Members of Northumberland Inshore Fisheries and Conservation Authority (NIFCA) were due to make a new byelaw at their quarterly meeting on Monday, October 26.
This proposed new regulation would prohibit the use of dredges for fishing within the district, from the River Tyne to the Scottish Border and six nautical miles out to sea.
However, members heard that three additional detailed representations had been made in the week or so leading up to the meeting, which meant officers had not had time to consider them properly.
NIFCA’s chief executive Mike Hardy recommended deferring the decision, given it would be unlikely to cause ‘any fisheries or environmental detriment as there is no dredging currently taking place in the district and isn’t likely in the near future’.
He added: “Although these objections have come in late, which isn’t ideal, there is no strict legal requirement as to when any objections have to be made in this situation, it was a deadline of our choosing.
“If we go ahead and make the byelaw over the head of those objections, without properly considering them, not only would it lead to possibly wasted cost, but also it wouldn’t meet with approval from the MMO (Marine Management Organisation) and Defra, or probably the wider public looking at this reasonably.”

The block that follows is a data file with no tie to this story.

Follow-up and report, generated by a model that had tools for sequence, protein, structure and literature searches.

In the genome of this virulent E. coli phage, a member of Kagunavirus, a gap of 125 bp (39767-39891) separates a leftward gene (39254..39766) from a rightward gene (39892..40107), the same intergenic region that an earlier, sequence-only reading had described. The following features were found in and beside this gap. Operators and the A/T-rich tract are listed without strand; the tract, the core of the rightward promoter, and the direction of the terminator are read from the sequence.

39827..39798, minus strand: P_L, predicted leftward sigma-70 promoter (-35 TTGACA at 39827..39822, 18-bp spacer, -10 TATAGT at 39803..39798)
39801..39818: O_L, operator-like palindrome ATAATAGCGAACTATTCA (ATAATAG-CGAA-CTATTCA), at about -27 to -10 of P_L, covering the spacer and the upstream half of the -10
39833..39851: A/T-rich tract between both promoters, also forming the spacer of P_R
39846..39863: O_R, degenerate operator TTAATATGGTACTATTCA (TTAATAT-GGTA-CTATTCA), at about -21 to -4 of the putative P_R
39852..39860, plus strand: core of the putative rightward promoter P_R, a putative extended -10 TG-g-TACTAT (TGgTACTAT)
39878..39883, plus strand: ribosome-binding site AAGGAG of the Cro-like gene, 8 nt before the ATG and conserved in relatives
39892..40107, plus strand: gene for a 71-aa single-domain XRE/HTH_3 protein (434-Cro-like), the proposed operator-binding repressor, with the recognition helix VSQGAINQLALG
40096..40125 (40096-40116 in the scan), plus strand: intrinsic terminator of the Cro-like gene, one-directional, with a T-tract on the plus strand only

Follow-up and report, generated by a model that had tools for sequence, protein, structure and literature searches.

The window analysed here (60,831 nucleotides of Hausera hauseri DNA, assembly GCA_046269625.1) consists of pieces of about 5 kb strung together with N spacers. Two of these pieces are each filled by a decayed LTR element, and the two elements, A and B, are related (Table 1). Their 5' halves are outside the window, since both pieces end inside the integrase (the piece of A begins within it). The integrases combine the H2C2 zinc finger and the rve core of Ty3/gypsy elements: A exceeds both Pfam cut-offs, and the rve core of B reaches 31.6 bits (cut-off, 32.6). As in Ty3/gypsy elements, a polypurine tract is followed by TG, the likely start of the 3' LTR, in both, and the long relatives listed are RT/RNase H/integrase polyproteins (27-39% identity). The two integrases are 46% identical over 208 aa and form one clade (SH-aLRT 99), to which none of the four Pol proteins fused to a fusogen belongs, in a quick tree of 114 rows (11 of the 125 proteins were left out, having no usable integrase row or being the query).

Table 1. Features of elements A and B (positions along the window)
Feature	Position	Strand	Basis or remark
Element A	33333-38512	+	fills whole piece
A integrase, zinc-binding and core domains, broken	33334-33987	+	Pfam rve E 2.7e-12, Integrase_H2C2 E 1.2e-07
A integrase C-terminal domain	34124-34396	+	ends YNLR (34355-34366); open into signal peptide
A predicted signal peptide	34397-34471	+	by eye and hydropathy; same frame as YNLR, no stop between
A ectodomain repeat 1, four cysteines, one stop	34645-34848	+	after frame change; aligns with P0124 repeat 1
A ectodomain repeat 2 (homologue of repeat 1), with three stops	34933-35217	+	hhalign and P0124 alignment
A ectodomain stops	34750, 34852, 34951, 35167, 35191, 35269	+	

The authority’s chairman, Les Weller, said: “We have a duty of care, it is public money we’re using here, we also have a duty to these three objections and there is no time limit.”
Members agreed and it means that the matter will return to the next meeting in January 2021.
Updated byelaws in relation to trawling and dredging have been under discussion for some time, with a delay for further consideration agreed as far back as January 2019.
At the previous quarterly meeting in July, members voted unanimously to confirm the making of the new byelaw on trawling, which is awaiting approval from the Secretary of State.